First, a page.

Wake County says warnings about teacher resignations not political

Posted by T. Keung Hui on April 18, 2014 

The Wake County school system’s very public call on Thursday for higher teacher pay and revisiting the issues of eliminating tenure and phasing out extra pay for advanced degrees will likely be seen as a political gesture, especially by Republicans.

But as noted in today’s article, Wake County school leaders and those who spoke at Thursday’s press conference about the rise in teacher resignations say they were not trying to make it a political issue. Jackie Jordan, the principal of Underwood Elementary School, was asked if what Wake’s call for higher pay would be considered a case of Democrats vs. Republicans.

“I think every single person who lives in North Carolina has a reason to want a strong public school system and it doesn’t matter what your political affiliation is,” Jordan answered. “This is a state issue. If you value North Carolina, you want North Carolina to continue to be the great state that it is. This is an issue that you care about.”

Tracy Morton, an Apex High School healthful living and physical education teacher, also said it’s not a political issue. She and her husband, Britt, also a PE teacher at Apex High, are leaving for higher-paying teaching positions in Georgia.

“We’re the future to society,” Tracy Morton said. “We allow that. We are teaching the doctors and the lawyers and the people that are going to take care of you in the future, all of that, anything that’s needed to run a society, no matter what the education level is needed.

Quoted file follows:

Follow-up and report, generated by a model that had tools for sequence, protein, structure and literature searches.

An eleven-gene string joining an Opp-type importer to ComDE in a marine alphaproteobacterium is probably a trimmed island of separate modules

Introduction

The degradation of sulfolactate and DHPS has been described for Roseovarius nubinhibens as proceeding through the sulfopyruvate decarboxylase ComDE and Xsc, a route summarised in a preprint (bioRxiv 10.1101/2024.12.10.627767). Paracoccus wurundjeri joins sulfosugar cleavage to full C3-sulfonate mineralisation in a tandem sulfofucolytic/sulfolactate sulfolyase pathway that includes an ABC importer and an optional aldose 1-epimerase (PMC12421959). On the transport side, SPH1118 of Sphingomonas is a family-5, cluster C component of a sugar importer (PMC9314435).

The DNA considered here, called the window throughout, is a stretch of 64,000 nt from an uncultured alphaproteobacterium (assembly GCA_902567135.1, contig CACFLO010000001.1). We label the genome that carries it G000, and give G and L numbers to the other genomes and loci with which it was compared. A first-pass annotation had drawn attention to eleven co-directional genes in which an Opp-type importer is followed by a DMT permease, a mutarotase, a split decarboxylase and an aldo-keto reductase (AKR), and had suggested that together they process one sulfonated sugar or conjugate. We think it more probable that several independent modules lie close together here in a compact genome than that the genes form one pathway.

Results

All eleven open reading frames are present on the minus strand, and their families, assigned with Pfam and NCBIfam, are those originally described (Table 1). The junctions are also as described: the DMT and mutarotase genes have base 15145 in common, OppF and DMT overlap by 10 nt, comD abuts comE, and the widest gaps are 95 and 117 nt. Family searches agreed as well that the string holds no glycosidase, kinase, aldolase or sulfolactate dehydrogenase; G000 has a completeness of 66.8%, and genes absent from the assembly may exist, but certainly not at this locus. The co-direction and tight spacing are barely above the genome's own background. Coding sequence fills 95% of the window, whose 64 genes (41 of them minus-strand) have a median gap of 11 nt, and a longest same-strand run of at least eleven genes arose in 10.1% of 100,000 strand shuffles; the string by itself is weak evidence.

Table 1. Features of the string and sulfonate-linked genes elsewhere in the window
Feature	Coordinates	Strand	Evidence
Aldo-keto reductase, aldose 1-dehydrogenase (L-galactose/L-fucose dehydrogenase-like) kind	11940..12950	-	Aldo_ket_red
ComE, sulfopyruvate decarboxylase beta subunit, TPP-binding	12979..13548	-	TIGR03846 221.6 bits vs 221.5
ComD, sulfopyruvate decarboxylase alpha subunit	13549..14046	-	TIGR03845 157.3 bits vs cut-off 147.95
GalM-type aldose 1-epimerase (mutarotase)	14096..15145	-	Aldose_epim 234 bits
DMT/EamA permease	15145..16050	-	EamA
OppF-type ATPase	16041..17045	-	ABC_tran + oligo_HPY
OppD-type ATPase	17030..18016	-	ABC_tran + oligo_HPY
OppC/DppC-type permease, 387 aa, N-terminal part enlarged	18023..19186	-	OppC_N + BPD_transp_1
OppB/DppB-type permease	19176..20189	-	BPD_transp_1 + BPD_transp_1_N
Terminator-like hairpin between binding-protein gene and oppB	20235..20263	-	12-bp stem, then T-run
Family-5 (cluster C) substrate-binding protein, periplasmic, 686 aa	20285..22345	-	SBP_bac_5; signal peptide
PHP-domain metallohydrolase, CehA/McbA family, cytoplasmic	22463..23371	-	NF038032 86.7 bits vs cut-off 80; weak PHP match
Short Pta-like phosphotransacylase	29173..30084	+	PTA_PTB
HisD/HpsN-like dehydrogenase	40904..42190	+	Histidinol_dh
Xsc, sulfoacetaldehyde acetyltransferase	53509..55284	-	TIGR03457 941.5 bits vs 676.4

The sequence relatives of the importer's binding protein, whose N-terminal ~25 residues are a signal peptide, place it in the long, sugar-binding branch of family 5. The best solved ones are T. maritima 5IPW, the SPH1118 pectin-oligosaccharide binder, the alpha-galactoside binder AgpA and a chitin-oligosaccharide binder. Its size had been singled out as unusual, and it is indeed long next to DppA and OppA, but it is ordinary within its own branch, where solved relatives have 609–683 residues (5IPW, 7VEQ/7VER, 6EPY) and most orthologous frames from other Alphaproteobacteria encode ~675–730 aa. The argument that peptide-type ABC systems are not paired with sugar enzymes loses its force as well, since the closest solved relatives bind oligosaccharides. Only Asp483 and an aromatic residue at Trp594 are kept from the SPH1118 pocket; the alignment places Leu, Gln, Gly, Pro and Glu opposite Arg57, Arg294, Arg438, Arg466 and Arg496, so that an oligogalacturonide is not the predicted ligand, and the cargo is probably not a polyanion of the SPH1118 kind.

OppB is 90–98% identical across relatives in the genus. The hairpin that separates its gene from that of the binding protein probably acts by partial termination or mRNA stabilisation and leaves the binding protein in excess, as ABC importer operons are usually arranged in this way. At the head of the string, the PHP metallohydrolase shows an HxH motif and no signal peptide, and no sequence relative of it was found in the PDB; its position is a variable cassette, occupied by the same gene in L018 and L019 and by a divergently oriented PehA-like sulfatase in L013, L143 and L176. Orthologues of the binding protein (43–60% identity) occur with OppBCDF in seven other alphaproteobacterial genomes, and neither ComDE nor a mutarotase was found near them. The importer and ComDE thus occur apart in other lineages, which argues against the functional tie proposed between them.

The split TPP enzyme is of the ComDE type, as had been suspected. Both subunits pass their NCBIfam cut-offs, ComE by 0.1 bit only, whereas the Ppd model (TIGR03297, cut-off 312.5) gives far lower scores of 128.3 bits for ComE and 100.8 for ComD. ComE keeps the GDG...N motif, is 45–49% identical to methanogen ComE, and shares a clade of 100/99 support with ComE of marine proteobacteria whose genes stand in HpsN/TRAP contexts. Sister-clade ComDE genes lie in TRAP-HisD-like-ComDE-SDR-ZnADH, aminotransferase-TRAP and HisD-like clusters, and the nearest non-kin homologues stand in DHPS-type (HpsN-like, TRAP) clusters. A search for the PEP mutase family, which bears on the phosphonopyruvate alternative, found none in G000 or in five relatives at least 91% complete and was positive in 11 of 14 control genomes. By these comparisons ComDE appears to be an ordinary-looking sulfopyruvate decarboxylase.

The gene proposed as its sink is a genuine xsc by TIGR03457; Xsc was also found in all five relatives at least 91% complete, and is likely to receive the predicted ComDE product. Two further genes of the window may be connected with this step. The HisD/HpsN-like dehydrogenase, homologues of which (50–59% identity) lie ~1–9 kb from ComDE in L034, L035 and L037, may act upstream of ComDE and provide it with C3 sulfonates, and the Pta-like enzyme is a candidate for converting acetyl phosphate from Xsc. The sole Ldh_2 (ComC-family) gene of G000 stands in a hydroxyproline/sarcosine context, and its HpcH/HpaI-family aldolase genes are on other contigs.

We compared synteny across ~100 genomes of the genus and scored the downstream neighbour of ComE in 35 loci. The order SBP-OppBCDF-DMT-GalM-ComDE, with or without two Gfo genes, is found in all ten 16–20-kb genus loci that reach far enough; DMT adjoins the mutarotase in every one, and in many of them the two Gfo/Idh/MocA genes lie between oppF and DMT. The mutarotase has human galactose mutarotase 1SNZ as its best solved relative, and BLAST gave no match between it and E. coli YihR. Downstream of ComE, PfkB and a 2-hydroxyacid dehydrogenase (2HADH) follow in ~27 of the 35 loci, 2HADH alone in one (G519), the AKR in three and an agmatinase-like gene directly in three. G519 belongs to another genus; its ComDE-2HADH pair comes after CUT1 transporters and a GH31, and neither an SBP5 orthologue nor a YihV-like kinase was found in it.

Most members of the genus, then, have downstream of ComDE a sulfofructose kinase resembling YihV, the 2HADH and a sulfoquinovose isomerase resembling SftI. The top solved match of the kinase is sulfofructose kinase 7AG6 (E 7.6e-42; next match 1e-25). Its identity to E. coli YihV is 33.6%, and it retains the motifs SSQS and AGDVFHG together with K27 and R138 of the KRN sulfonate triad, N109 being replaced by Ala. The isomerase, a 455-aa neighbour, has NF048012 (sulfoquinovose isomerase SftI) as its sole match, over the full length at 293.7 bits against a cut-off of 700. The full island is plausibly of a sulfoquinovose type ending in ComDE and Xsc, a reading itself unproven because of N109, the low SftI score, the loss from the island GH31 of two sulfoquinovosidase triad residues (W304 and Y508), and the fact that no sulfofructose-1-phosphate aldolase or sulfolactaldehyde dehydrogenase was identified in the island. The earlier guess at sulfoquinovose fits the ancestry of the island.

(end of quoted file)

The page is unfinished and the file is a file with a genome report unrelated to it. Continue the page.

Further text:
Just like your school system or your school – the principal, administrators, the teachers, the custodial staff – you have to have that whole family as a unit to work. And it’s the same within the system with regards to money and everything else.

It has to be in communication with everybody, just not Republican, Democrat. You know decisions like this, this isn’t political. This has become personal because you need to take care of the people that do teach the future.”

Wake Superintendent Jim Merrill said they were simply using the data to warn people about the issue of increasing numbers of teacher resignations.

“We are not about politics today,” Merrill said in an interview. “We are here to raise an alarm about losing high-quality teachers.”

But State House Speaker Pro Tem Paul Stam, an Apex Republican, was skeptical that the figures Wake pointed to show a problem as dire as school leaders are making it to be.

“There is nothing particularly alarming in this report, other than WCPSS cherry-picking numbers to fit its narrative,” Stam wrote in an email message.

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